Russian Recall and Power Sentences: Part I

Russian Memorization

Russian Recall and Power Sentences: Part I

Let’s be honest, learning Russian is crazy hard, ESPECIALLY at the beginning. Most give up when they have to learn words like безопасность, and other new learners switch to something a little simpler when they hear Russian has perfective and imperfective verbs, six cases and literally an exception to every grammatical “rule”(: That acceptance of every “rule” as such (quotation marks included) is an especially tricky speedbump to get over…

One of my friends here in Riga was expressing his frustration to me about all said things. It came out as something along the lines of: “I have all this stuff I need to learn, like vocab, grammar, cases, but as soon as I move onto something else, I forget what I’ve studied. I feel like I’m going in circles.”

I think every speaker of Russian struggles with this idea. From the very beginner to the most experienced, sometimes you just can’t remember that word you were studying for 20 minutes.  Now if your eventual goal is to speak Russian naturally and fluidly, where the sweet, molten honey of impeccable soft consonants and rolled R’s streams from you like the Neva through St. Petersburg, this trick might seem a little strange. It might seem a little against the grain, or unorthodox, or exactly what you think would be the WORST idea, but actually…

Memorization is one of the best ways to learn a language.

Now you’ve been with me this long, don’t give up now. Know that this does NOT mean you need to sit studying Russian with your feet in a bucket of ice water to stay awake, endlessly repeating the same things over and over. If that was true I would have given up a looooong time ago(: What I’m looking to do with these series of posts is to redefine memorization, so it’s not such a scary thing. It’s pretty simple, there are actually only two pieces to this effective memorizing puzzle:

  1. Make the memorization process as stimulating as possible. Engage multiple senses. Change up the routine often and frequently to keep it interesting.
  2. Build POWER SENTENCES to make your memorization efficient and organized.

Two super easy principles, tons of creativity and interpretation you can use. Unfortunately, the necessary space isn’t available to elaborate on those right now, SO details will follow in Part II. Check it out.

Written by Mark Kennedy, currently studying Russian at Liden & Denz, Riga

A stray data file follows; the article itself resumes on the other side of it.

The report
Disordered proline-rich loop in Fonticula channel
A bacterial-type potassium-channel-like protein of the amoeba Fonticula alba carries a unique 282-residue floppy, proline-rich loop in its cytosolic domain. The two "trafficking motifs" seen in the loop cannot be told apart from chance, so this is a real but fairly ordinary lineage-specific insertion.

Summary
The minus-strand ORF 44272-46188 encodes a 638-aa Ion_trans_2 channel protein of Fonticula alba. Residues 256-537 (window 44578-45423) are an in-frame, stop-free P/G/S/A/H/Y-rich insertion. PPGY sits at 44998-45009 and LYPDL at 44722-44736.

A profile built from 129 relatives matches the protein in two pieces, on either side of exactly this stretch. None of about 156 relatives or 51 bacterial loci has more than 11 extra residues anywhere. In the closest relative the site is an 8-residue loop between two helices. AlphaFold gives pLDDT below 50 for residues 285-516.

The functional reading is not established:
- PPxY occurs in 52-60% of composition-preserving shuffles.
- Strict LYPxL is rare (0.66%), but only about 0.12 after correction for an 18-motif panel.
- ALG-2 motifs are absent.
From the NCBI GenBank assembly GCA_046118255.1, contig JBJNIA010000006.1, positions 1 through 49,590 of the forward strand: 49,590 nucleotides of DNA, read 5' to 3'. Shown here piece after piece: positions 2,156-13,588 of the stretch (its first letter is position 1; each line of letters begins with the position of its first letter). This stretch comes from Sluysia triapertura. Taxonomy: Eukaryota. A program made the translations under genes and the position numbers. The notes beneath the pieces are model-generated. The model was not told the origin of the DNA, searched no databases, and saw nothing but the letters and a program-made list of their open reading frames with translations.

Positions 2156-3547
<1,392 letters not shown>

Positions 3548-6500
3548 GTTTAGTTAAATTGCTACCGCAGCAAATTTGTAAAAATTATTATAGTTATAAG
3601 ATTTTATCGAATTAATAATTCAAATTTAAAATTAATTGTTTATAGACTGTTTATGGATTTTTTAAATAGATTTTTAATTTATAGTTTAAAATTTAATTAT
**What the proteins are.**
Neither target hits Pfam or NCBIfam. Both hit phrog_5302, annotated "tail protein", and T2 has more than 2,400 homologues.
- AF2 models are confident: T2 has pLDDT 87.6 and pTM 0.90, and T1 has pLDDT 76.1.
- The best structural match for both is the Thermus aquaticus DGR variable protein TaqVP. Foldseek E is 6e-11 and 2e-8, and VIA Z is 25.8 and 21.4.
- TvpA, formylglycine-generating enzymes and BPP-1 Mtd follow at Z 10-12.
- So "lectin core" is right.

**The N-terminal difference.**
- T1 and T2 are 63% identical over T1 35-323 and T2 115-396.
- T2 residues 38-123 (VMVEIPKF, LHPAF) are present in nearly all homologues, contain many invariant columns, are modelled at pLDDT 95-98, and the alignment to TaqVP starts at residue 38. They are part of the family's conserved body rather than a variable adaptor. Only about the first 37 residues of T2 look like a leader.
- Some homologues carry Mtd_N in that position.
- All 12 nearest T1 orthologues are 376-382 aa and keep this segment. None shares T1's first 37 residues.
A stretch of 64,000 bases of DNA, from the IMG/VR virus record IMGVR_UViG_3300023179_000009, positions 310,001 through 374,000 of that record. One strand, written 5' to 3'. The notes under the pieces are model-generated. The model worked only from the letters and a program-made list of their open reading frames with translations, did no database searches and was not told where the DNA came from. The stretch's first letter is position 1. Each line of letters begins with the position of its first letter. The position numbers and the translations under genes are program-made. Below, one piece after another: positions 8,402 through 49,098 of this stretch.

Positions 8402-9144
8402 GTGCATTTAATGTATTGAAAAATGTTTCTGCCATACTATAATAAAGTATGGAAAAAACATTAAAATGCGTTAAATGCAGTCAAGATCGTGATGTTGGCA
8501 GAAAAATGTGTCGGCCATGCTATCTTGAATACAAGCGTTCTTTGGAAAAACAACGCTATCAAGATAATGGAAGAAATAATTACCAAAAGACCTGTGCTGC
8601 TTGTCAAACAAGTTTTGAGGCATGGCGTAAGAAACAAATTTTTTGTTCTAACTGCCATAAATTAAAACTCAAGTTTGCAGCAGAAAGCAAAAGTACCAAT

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Posted by Mark Kennedy

Всем Привет! My name is Mark Kennedy, and I’m currently studying Russian at the Liden and Denz Language Center in Riga, Latvia! To say I’m excited to be here is a severe understatement. Currently I'm going into my fourth year at the University of Michigan-Ann Arbor, where I'm enrolled as a dual-degree candidate, earning two degrees in Russian Language and Literature, and French Horn Performance. I started my study of Russian during a two-year mission for my church in St. Petersburg, Russia. Probably one of the coolest things I’ve ever done! My language learning started off as kind of a trial by fire: with only 12 weeks of training beforehand, I was thrown into Russia and expected (to attempt, at least) to hold full on conversations with people. In the beginning it wasn’t pretty, but the sink or swim mentality of it all forced me to work hard from the start, and motivated me to really overcome any issues I had quickly. Combined with a personally guided plan of language study and some study materials, I came to love the language and the Russian people a TON! Two years later and I’m still studying it… Outside of Russian language, my French Horn degree keeps me busy. Favorite composer is probably Richard Strauss, and my favorite symphonic work is The Rite of Spring Suite by Stravinsky. (Debussy Piano pieces are my favorite non-symphonic works). I’m also into basically anything arts related: singing, dancing, listening to Maroon 5, drawing Sharpie art, going to art exhibits, going to orchestra concerts, etc. In terms of sports, I was a collegiate rower for the University of Michigan in 2011-2012, when we won the National Champions Team Trophy, and I play Ultimate Frisbee. I’m excited for this opportunity to write for Liden & Denz, and to share my enthusiasm and excitement about Riga and the Russian language!

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